From Wall Street’s perch, major overhauls at apparel retailers and vendors have been overshadowed amid the subprime market collapse and sagging consumer confidence.
Despite efforts to revamp businesses through managerial shifts, acquisitions and sell-offs, retail stocks have plummeted since the start of 2007. And, while the S&P Retail Index is down 3.8 percent for the year, individual retailers have seen major declines.
This story first appeared in the October 15, 2007 issue of WWD. Subscribe Today.
Initially, Wall Street reacted favorably to restructuring efforts at retailers and vendors, but its enthusiasm was short-lived. Once the hype around these deals calmed down, investors turned skeptical of the retail sector.
“With the change in control, whether through [chief executive officer] change or private equity takeover, we generally see the price react positively in the short term,” said Christine Chen, retail analyst at Needham & Co. LLC. “But, for the long term, it still takes time to achieve results and for the Street to see a turnaround.”
For example, the appointment of Trudy Sullivan as ceo of Talbots generated buzz after the announcement was made on June 29, which resulted in a 12 percent jump in shares. Sullivan, who previously served as president of Liz Claiborne and J. Crew, replaced Arnold Zetcher at a time when the women’s apparel chain was struggling with slumping sales and costs associated with last year’s acquisition of J. Jill. As Wall Street awaits Sullivan’s progress, shares for the year are down 23 percent, from $23.38 on Jan. 3 to $18.06 on Thursday.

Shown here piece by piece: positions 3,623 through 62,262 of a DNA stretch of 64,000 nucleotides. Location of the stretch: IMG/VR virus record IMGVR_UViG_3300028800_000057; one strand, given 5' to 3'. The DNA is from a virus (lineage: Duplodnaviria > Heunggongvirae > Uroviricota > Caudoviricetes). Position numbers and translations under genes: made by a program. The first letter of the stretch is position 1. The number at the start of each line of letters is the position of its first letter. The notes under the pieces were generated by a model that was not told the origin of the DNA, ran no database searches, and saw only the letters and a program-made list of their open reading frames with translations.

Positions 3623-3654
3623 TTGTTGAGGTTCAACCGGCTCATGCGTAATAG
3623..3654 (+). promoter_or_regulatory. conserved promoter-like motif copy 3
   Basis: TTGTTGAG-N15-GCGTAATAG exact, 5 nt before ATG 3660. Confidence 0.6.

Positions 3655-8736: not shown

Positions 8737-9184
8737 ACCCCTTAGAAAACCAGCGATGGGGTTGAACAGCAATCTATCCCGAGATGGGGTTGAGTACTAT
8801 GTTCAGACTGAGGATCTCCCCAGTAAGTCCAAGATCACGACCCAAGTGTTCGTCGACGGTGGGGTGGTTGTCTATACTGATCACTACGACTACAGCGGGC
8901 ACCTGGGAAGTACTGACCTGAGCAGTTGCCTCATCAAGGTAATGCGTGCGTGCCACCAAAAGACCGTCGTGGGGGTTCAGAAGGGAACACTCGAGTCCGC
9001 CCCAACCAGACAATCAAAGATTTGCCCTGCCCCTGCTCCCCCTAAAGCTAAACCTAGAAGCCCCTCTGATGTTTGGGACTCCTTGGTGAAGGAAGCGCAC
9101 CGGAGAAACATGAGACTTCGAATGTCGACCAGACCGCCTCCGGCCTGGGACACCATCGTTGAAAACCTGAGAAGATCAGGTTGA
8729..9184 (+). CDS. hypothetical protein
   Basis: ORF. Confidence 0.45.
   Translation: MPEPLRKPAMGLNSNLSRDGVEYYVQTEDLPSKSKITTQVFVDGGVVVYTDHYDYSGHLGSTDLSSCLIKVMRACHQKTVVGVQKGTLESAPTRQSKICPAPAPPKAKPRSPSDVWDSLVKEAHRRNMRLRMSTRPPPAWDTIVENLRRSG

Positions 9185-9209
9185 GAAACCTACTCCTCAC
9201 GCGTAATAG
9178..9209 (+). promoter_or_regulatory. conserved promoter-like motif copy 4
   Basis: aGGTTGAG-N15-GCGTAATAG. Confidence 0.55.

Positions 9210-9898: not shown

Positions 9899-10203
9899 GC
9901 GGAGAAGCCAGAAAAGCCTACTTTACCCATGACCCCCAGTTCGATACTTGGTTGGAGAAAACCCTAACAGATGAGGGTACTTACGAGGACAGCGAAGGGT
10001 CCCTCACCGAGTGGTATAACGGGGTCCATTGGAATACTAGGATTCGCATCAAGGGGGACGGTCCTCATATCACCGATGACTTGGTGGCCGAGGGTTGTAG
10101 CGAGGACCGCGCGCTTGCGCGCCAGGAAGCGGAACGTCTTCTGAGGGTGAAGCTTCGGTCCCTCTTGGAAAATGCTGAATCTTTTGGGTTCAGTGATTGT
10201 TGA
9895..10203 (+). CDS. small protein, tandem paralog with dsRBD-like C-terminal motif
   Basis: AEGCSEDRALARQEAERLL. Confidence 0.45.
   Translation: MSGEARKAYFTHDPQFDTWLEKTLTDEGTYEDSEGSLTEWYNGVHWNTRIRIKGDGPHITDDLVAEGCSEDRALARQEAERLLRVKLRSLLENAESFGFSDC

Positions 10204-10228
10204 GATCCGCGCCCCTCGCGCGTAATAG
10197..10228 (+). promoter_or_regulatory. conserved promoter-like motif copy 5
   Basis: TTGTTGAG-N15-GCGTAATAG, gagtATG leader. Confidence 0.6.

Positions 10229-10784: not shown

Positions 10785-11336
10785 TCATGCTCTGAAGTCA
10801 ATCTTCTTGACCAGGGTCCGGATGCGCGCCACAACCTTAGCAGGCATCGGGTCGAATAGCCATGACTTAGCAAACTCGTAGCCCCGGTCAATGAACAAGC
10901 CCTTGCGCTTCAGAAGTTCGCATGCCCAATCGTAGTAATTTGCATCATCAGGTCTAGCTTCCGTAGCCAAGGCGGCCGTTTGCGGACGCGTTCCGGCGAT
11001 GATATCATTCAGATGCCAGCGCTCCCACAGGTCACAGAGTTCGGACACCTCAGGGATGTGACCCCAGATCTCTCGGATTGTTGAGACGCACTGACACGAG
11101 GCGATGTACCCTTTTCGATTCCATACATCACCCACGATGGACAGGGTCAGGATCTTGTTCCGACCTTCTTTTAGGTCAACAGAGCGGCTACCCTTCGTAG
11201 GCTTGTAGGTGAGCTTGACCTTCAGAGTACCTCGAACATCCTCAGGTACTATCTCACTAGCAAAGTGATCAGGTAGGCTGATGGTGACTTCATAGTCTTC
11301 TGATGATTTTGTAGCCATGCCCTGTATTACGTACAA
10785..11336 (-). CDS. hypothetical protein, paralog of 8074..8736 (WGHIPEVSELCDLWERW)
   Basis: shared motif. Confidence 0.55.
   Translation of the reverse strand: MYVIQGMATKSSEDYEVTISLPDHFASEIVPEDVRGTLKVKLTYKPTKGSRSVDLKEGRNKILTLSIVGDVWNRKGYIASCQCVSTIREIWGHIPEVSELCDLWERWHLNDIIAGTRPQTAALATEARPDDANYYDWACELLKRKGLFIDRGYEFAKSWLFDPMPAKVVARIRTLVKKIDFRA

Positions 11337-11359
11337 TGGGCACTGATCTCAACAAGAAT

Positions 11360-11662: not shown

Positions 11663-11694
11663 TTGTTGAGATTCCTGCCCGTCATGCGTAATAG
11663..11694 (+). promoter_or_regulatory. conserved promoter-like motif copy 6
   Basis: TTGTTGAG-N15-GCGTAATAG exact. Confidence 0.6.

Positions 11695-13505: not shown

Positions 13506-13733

After Gap Inc. named Glenn Murphy as successor to ex-ceo Paul Pressler, Wall Street took notice. Murphy, a former executive at Canada’s Shoppers Drug Mart with no prior experience in the fashion industry, was brought in to correct slumping sales.
When Gap made the announcement on July 26, shares rose 4 percent, one of the company’s biggest jumps of the year. But for the year-to-date period Gap shares are down about 1.3 percent.
The same patterns hold true following sales of brands. In an effort to refocus their businesses, Liz Claiborne Inc. and Limited Brands unloaded some of their apparel lines.
Liz Claiborne agreed to sell four of its brands — Emma James, Intuitions, JH Collectibles and Tapemeasure — on Sept. 13 to Hong Kong-based sourcing company Li & Fung. The transaction, which is expected to close in the fourth quarter, includes the sale of trademarks and inventory. The company put 16 of approximately 40 of its brands up for sale as part of its larger plan to shift focus from wholesale to retail by expanding a few selected brands and dumping others.
Shares of the company trended up following the announcement, but dropped off on Thursday to close at $32.12, down 27 percent for the year.
Limited Brands Inc. is turning its attention to its beauty and intimate apparel divisions after transferring a majority of its stake in its Limited women’s clothing chain on July 9. The company sold 75 percent of its stake in Limited Stores to Sun Capital Partners in exchange for a $50 million investment in Limited Stores and a $75 million credit line. Previously, the company sold a majority of its stake in Express to Golden Gate Capital for $602 million.